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The 2016 Seattle Mariners are very good (but also kind of bad)

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This is what you're here for, right? Groundbreaking analysis like this

Joe Nicholson-USA TODAY Sports

The 2016 Seattle Mariners are good, but also 2016 Seattle Mariners are bad.

Yup, that about sums it up. Thanks for the clicks, and have a nice day.

Okay, okay, I’ll give ya a little more.

After last night’s three hit complete game shut-out by the ceiling-scraping Taijuan Walker, you’re probably visiting Lookout Landing in an uncharacteristically jovial mood. They’ve won seven in a row! They’re two and a half back of the wild card! Baseball in September is fun again! Honestly, screw the Mariners. Their bungee jumping "hey we’re good!"/"oh crap I forgot to open my parachute" antics have destroyed all sorts of narratives and fun ideas, and after these last seven games those jerks are making sure we keep writing about them rather than, say, office desk chairs. So, as a compromise, this piece will have some of the good things you’re looking for but also some bad things because, hey, we are still Mariners fans.

Last week the brilliant Grant Brisbee (not to be confused with our brilliant Grant Bronsdon), published a piece about the frustrations of the 2016 San Francisco Giants, who are making franchise history with leads lost after the eighth inning and nonexistent comeback abilities. Like any good Mariners fan I figured our misery could be worse than theirs, and decided to look up some of the M’s numbers.

If it feels as though this team has played a lot of close games, you’d be right. They have played in 50 one-run games, of which they have won precisely half those contests. They’re second in all of baseball in one-run games played, after (ha ha ha) the Giants. If it feels as though this team has played a lot of extra innings games, you’d also be correct. They rank sixth throughout MLB in extra innings games played (although, if you want really impressive numbers, the 2015 Mariners had the second-most extra innings games in the last three years. But no, let’s not talk about that team again). There, you’re 2-0 now, doesn’t that make you feel good? Enjoy that, because this next part isn’t going to feel good at all.

After the eighth inning the average MLB team wins 96% of the time. In Grant’s article he marveled at the Giants’ 91% chance of winning in that same situation; the Mariners are worse, securing those wins only 90% of the time. If this season ends like 2014 did, just one game shy, there are going to be seven blown saves for us to revisit in our time machines. To put this in context, let’s look at how Mariners teams have stacked up in the last ten years.

Year Losses when ahead in the ninth Wins when ahead in the ninth Win percentage
2015 8 66 0.892
2016 7 65 0.904
2008 5 51 0.911
2013 6 63 0.913
2009 6 69 0.92
2012 4 64 0.941
2010 3 55 0.948
2006 3 67 0.957
2014 3 77 0.963
2011 2 56 0.966
2007 0 75 1

Well that’s not good. That’s not very good at all. The 2016 Mariners have the second lowest win percentage in the last ten years, and some of those teams set the bar pretty darn low.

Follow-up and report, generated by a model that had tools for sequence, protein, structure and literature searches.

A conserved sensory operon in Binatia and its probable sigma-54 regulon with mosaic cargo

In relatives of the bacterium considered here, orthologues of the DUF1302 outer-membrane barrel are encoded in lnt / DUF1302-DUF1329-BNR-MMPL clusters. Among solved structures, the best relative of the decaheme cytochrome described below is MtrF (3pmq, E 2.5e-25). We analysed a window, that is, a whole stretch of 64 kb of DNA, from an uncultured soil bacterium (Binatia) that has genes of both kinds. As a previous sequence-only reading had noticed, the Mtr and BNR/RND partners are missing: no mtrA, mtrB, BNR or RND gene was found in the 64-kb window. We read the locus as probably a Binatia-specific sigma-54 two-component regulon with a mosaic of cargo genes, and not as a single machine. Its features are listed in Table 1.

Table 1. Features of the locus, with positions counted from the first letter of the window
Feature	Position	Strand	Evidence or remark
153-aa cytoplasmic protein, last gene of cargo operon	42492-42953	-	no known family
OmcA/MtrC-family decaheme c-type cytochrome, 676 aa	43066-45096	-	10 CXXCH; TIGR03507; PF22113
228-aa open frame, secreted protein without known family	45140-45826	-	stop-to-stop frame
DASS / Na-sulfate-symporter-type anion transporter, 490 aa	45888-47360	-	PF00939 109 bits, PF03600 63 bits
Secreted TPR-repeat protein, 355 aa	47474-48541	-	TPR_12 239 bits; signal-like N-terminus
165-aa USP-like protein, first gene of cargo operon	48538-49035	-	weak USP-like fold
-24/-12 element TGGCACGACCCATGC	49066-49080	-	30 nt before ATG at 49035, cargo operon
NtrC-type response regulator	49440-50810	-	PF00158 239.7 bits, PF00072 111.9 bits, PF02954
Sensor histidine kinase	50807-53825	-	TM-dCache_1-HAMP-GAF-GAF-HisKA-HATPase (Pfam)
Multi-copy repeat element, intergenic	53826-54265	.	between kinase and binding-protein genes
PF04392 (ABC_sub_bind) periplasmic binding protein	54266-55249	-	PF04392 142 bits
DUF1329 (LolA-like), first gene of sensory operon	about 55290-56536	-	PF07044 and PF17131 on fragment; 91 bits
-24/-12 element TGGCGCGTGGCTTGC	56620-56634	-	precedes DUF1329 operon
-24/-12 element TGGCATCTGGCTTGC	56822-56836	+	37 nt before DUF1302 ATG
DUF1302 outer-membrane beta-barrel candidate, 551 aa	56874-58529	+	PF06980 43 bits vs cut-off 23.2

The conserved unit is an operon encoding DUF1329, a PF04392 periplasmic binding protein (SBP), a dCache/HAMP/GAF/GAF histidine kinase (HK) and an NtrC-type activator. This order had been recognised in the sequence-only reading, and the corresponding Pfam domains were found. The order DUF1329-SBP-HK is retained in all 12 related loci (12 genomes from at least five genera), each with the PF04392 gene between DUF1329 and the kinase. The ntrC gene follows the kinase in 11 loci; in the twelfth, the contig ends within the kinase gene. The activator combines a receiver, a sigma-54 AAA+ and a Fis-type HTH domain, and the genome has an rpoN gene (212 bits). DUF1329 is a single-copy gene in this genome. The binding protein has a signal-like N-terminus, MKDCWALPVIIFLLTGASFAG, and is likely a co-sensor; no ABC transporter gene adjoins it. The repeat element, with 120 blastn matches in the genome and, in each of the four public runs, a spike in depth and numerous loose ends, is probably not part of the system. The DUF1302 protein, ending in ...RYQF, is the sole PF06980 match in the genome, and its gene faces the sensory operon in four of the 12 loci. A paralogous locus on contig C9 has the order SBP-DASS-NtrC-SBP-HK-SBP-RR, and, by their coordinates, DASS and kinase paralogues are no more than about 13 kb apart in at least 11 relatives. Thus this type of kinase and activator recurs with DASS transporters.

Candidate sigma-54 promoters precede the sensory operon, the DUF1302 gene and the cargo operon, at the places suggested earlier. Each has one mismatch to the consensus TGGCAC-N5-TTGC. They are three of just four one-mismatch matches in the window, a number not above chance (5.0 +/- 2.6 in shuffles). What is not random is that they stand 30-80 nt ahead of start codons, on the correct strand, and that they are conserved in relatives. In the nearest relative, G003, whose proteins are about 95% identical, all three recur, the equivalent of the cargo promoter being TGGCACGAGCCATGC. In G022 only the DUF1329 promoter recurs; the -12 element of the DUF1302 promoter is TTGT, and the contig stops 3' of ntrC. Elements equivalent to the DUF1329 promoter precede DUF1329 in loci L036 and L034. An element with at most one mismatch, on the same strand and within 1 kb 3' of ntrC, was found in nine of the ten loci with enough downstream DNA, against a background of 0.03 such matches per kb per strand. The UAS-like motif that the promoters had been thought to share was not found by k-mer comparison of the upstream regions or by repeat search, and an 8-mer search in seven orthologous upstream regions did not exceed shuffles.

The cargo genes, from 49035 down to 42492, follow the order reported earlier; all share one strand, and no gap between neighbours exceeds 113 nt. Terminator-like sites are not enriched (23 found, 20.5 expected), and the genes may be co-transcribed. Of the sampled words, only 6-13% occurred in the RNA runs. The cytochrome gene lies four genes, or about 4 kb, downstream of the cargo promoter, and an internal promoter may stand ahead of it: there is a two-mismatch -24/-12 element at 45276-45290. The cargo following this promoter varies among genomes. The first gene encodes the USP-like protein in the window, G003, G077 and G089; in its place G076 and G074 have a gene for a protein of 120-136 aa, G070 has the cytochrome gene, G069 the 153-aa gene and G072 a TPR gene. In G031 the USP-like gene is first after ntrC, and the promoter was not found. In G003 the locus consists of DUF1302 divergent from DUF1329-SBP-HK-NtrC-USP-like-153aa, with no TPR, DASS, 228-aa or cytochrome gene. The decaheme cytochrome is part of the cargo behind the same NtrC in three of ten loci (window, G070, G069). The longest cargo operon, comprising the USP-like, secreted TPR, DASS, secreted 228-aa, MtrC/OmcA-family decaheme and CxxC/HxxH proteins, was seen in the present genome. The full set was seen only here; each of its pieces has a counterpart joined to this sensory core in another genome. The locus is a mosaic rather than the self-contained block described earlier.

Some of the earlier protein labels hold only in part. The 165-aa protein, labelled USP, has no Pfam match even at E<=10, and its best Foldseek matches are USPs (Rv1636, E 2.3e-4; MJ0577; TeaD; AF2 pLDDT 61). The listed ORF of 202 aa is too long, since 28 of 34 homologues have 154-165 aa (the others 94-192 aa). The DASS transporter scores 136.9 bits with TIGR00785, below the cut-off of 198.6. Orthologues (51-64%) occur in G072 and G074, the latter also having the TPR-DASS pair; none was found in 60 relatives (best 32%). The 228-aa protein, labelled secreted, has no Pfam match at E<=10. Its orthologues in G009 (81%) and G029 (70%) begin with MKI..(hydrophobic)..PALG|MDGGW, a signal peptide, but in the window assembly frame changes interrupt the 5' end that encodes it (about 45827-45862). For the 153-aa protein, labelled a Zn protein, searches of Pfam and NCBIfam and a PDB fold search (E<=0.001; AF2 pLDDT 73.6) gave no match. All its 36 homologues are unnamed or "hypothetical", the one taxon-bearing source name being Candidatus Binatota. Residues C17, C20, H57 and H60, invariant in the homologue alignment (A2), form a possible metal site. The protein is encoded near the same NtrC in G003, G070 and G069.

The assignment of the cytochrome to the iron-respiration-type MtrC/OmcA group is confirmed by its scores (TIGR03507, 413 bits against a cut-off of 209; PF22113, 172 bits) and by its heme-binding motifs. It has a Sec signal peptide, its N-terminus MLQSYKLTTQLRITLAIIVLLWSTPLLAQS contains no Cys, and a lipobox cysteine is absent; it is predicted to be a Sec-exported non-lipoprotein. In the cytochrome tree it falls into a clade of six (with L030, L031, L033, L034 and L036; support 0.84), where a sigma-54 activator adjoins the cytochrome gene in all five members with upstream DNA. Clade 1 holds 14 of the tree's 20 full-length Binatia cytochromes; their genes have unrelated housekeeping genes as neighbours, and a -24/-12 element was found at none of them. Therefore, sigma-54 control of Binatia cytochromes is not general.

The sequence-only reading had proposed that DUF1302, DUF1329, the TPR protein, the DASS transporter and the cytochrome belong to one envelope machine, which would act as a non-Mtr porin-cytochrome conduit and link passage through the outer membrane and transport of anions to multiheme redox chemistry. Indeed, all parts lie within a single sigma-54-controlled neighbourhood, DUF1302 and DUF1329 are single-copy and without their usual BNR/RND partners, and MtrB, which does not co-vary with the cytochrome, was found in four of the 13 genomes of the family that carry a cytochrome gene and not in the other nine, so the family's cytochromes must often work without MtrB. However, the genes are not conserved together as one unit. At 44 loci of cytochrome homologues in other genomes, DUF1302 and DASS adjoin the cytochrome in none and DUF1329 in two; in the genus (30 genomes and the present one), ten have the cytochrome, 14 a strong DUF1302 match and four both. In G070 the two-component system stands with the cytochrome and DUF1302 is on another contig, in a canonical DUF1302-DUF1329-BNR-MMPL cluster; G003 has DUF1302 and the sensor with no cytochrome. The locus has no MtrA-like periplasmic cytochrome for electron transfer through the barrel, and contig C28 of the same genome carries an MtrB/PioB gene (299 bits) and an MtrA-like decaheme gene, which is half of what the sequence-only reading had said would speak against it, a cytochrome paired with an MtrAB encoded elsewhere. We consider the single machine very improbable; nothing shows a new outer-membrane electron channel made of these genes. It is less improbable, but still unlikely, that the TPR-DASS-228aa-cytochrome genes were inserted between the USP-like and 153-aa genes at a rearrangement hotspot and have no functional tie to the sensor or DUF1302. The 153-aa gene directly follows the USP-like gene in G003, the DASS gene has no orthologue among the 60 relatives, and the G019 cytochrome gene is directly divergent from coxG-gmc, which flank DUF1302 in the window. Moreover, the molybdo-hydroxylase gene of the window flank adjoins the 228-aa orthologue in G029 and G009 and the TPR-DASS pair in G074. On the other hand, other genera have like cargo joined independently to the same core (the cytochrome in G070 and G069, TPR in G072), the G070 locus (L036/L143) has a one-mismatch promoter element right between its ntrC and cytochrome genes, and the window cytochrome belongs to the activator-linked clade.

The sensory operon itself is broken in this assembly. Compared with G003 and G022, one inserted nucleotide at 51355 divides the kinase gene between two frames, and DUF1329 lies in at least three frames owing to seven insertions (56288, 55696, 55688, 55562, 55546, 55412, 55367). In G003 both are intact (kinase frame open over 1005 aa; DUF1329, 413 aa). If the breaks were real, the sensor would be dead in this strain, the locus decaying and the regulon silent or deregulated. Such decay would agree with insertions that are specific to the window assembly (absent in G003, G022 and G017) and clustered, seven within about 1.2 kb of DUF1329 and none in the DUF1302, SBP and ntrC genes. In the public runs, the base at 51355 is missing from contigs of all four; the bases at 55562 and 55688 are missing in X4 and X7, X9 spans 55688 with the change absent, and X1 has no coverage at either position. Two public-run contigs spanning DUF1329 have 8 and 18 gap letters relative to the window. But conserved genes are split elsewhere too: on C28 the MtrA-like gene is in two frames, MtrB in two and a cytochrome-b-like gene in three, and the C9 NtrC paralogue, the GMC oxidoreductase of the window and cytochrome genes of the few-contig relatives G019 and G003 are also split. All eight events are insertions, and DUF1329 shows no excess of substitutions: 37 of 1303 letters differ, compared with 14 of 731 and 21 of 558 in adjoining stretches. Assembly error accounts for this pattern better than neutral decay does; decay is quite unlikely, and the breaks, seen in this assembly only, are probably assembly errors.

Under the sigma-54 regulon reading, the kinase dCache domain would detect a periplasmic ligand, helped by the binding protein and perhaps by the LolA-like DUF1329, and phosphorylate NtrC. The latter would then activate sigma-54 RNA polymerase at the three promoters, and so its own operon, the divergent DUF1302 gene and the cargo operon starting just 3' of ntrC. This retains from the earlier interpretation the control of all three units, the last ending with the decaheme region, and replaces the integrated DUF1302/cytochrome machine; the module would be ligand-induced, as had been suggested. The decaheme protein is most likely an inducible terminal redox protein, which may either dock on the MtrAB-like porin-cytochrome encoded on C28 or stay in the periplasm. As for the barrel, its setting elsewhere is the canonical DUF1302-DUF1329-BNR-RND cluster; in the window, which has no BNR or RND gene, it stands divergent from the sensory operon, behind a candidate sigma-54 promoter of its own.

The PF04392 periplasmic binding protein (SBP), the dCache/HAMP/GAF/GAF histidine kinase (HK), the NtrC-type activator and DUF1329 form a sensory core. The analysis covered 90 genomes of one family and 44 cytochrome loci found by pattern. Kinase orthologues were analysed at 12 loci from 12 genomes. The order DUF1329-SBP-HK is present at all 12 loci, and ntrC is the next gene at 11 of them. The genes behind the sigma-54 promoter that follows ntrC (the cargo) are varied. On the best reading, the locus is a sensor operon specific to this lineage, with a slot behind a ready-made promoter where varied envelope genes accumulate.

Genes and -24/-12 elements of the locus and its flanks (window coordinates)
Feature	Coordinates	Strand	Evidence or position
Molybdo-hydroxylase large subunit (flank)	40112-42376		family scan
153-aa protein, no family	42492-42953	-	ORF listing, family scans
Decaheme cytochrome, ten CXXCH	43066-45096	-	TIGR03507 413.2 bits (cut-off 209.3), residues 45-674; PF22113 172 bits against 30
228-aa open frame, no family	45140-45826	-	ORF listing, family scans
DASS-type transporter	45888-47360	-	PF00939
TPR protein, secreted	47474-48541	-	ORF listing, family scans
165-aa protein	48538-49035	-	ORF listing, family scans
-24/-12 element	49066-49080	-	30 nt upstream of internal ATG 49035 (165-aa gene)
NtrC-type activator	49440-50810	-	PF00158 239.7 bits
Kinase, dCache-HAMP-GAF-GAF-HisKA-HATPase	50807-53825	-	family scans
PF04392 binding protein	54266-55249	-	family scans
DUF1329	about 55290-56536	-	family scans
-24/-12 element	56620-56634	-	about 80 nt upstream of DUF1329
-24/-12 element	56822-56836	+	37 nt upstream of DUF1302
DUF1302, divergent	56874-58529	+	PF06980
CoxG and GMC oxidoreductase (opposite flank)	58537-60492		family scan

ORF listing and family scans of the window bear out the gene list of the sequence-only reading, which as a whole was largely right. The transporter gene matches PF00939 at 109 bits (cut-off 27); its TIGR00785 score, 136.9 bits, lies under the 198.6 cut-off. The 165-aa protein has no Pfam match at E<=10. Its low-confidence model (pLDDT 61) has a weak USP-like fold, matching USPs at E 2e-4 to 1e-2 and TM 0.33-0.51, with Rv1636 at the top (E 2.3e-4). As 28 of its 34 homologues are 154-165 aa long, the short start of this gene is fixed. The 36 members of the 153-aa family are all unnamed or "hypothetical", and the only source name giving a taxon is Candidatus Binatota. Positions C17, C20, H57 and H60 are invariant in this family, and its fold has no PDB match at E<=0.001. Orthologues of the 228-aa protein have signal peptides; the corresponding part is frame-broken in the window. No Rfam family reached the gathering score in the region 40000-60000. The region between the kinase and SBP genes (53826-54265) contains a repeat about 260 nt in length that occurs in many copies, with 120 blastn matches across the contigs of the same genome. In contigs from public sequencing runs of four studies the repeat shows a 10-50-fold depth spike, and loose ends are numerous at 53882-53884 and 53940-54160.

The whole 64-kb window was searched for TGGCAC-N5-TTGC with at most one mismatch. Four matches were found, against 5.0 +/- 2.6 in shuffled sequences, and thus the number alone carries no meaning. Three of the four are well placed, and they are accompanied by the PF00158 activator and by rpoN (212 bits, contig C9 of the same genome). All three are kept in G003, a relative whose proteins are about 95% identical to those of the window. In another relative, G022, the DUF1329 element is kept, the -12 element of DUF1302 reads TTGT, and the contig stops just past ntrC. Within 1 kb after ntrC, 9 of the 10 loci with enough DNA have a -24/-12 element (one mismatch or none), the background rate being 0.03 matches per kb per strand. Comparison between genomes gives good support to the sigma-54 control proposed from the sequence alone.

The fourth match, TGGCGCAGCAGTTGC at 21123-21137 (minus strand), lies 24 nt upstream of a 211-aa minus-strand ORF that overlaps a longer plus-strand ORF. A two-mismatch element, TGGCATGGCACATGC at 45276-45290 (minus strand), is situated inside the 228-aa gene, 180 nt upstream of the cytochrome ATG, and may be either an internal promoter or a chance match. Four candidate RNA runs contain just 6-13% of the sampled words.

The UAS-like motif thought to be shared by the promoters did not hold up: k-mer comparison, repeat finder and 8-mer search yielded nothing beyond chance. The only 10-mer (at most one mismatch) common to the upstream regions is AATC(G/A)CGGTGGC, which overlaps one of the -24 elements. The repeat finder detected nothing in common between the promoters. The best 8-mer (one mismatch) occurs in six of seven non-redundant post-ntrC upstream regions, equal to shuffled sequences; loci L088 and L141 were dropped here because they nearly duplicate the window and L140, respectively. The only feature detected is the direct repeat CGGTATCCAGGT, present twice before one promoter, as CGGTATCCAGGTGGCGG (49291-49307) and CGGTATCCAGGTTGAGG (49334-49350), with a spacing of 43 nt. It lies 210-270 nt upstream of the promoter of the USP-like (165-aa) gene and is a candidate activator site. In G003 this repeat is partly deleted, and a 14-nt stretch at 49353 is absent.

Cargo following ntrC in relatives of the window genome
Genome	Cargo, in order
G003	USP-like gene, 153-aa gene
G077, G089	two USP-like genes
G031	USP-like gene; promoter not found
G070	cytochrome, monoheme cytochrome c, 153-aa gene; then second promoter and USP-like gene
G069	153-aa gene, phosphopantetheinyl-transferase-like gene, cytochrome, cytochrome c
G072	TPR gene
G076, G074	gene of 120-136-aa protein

So, if they’re blowing ninth inning leads with this kind of relative frequency, how is it that they’re 77-68 and fighting for a wildcard spot? Well, I’m so glad you asked, because this is the fun part. These 2016 Seattle Mariners, responsible for years taken off our collective lives, are incredible at coming back to win when trailing in the ninth. We’re talking historically good, on a franchise level. The league average win percentage for a team that’s trailing in the ninth inning is 3.9%. The Mariners nearly double that with a 7% win record. To offer further context for just how good that is, only the Cubs, Cardinals and the Rangers (at the expense of Jeff Banister’s soul) have higher win percentages in those situations this year. This is the best "clutch" team the Mariners franchise has seen in the last ten years, and it’s not particularly close. In fact, the 2016 Seattle Mariners are the fourth best ninth inning comeback team in franchise history. Take a look

Year Losses when behind in the ninth Wins when behind in the ninth Win percentage
2001 36 6 0.143
1982 74 6 0.075
1991 62 5 0.075
2016 53 4 0.07
1996 67 5 0.069
1990 70 5 0.067
2009 62 4 0.061
1978 86 5 0.055
2002 52 3 0.055
2012 70 4 0.054
2006 71 4 0.053
1994 56 3 0.051
1979 80 4 0.048
1984 79 4 0.048
2014 61 3 0.047
2003 62 3 0.046
1977 84 4 0.045
1980 87 4 0.044
2004 87 4 0.044
1983 91 4 0.042
1999 72 3 0.04
1987 75 3 0.038
1995 54 2 0.036
1985 82 3 0.035
1989 75 2 0.026
1986 80 2 0.024
2011 82 2 0.024
2005 85 2 0.023
2010 84 2 0.023
2008 87 2 0.022
1981 54 1 0.018
1997 55 1 0.018
1993 66 1 0.015
2015 67 1 0.015
1998 72 1 0.014
2007 73 1 0.014
1988 77 1 0.013
1992 84 1 0.012
2000 61 0 0
2013 70 0 0

In a season where we’ve talked so much about the great games this team has played, these numbers reinforce just how fun the 2016 Mariners have been, and the wild thing is that they don’t even reflect all of that joy. These numbers don’t include games like the incredible 10-run comeback against the Padres, or the fifteen inning victory over the Tigers, or any of the other amazing extra innings victories.

It’s not always true that the numbers line up with what you feel when watching a team, but these 2016 Mariners refuse to give up and the numbers reflect that. They’re 2.5 games back from the wildcard and the odds are good that these last 17 games are going to be a heck of a lot of fun.